A food stamp cut, which was voted in by the House today, will save the government $4 billion a year. What does this mean for the one in seven people in the nation who use food stamps to feed their families? While there’s no problem with the folks who actually need this assistance, if this bill is ever put into action, they'll just see a 5% reduction. The food stamp cut also offers up some criteria that seems to be geared toward weeding out those who might not really need them.
According to Yahoo Finance on Sept. 19, the bill gives states the green light to put new guidelines in place and folks receiving food stamps have to follow these guidelines in order to continue to receive their food stamp assistance, if this bill goes into law. States can put in work requirements and test the applicants for drugs.
The bill will also put a stop to the government waivers that have allowed able-bodied people who are without dependents to receive food stamps indefinitely.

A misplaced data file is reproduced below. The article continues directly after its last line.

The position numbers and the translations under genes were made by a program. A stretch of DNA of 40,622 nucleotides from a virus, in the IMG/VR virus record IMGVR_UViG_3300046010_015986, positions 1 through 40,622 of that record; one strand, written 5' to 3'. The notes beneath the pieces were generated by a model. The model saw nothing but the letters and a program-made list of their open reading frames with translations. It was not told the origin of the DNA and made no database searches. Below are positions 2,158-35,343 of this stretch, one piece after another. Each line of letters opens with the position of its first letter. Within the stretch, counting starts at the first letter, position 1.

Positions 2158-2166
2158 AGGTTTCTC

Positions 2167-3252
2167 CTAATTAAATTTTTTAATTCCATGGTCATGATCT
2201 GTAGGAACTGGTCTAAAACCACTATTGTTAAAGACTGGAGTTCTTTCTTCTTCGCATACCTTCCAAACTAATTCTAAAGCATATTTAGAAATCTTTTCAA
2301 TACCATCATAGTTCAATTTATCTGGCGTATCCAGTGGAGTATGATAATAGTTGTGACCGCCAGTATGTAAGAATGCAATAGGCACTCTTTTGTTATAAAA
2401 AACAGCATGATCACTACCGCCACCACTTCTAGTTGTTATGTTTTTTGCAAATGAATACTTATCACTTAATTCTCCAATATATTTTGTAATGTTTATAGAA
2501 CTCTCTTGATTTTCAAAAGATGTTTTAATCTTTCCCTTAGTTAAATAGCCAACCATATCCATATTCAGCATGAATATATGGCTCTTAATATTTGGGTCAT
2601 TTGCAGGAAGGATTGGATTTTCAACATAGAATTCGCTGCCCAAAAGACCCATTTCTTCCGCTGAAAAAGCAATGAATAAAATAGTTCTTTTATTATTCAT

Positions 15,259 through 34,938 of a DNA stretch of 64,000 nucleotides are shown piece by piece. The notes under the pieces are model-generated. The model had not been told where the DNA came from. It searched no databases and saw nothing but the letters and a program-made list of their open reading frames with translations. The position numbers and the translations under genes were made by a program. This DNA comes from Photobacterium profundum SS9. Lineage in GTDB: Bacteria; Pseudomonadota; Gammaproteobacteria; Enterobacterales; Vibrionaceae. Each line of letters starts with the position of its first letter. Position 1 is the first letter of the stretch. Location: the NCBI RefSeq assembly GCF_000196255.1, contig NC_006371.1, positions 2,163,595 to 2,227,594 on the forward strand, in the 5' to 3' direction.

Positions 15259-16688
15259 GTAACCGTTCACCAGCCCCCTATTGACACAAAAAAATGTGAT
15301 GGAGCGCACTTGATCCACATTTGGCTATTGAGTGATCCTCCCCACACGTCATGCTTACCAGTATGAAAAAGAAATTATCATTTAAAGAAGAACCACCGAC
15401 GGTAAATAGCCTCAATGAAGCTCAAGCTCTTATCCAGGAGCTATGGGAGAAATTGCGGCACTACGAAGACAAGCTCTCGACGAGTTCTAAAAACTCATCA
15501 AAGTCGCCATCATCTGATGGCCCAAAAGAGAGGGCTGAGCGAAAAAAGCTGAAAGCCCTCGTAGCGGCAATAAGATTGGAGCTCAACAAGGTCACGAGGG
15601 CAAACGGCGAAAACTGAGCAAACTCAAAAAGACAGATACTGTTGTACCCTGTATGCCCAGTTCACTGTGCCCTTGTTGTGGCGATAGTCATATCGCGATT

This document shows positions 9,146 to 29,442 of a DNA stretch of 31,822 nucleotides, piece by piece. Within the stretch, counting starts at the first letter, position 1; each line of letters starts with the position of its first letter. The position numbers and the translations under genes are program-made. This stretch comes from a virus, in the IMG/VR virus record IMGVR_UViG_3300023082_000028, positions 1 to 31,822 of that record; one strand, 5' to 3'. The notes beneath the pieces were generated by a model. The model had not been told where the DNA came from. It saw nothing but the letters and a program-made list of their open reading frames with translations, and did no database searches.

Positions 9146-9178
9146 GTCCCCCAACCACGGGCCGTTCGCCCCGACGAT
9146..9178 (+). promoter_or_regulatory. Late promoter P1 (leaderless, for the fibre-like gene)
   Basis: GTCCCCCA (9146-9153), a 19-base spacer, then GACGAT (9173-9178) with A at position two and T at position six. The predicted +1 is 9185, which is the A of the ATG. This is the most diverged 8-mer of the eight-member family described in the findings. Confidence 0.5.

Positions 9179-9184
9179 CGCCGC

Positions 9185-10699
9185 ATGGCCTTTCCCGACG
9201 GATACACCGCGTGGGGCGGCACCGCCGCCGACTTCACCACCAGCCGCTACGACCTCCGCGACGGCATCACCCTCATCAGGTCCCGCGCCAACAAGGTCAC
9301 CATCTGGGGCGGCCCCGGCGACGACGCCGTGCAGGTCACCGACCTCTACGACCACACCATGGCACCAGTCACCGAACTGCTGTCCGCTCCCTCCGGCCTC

The government aims to reduce the bloat around this $80 billion-a-year program. The program’s cost has nearly doubled in the last five years and with 47 million Americans now on food stamps something’s got to give. These guidelines are aimed at making sure the folks receiving food stamp assistance are really in need of them.
This wasn’t an easy bill to get passed with the conservatives wanting larger cuts, Democrats opposed any cuts at all and some moderate Republicans have been apprehensive to cut down the program, mainly the Republicans with high areas of usage in their state.
Work requirement: What will they look like under this new bill? The bill allows the states to require 20 hours of work a week to any able-bodied person with a child over one, if there’s child care available. The work requirements are also put upon parents with children over six and in school.
Every Democrat that voted today opposed the bill, with many taking to the podium to make pleas against passing the bill and offering up stories about families in dire need of this extra help.
House Minority Leader Nancy Pelosi, D-Calif., said the bill is a "full assault on the health and economic security of millions of families. "Texas Rep. Lloyd Doggett called it the "let them starve" bill.
The opposition didn’t stop there, White House spokesperson Jay Carney said, "literally take food out of the mouths of hungry Americans in order to, again, achieve some ideological goal."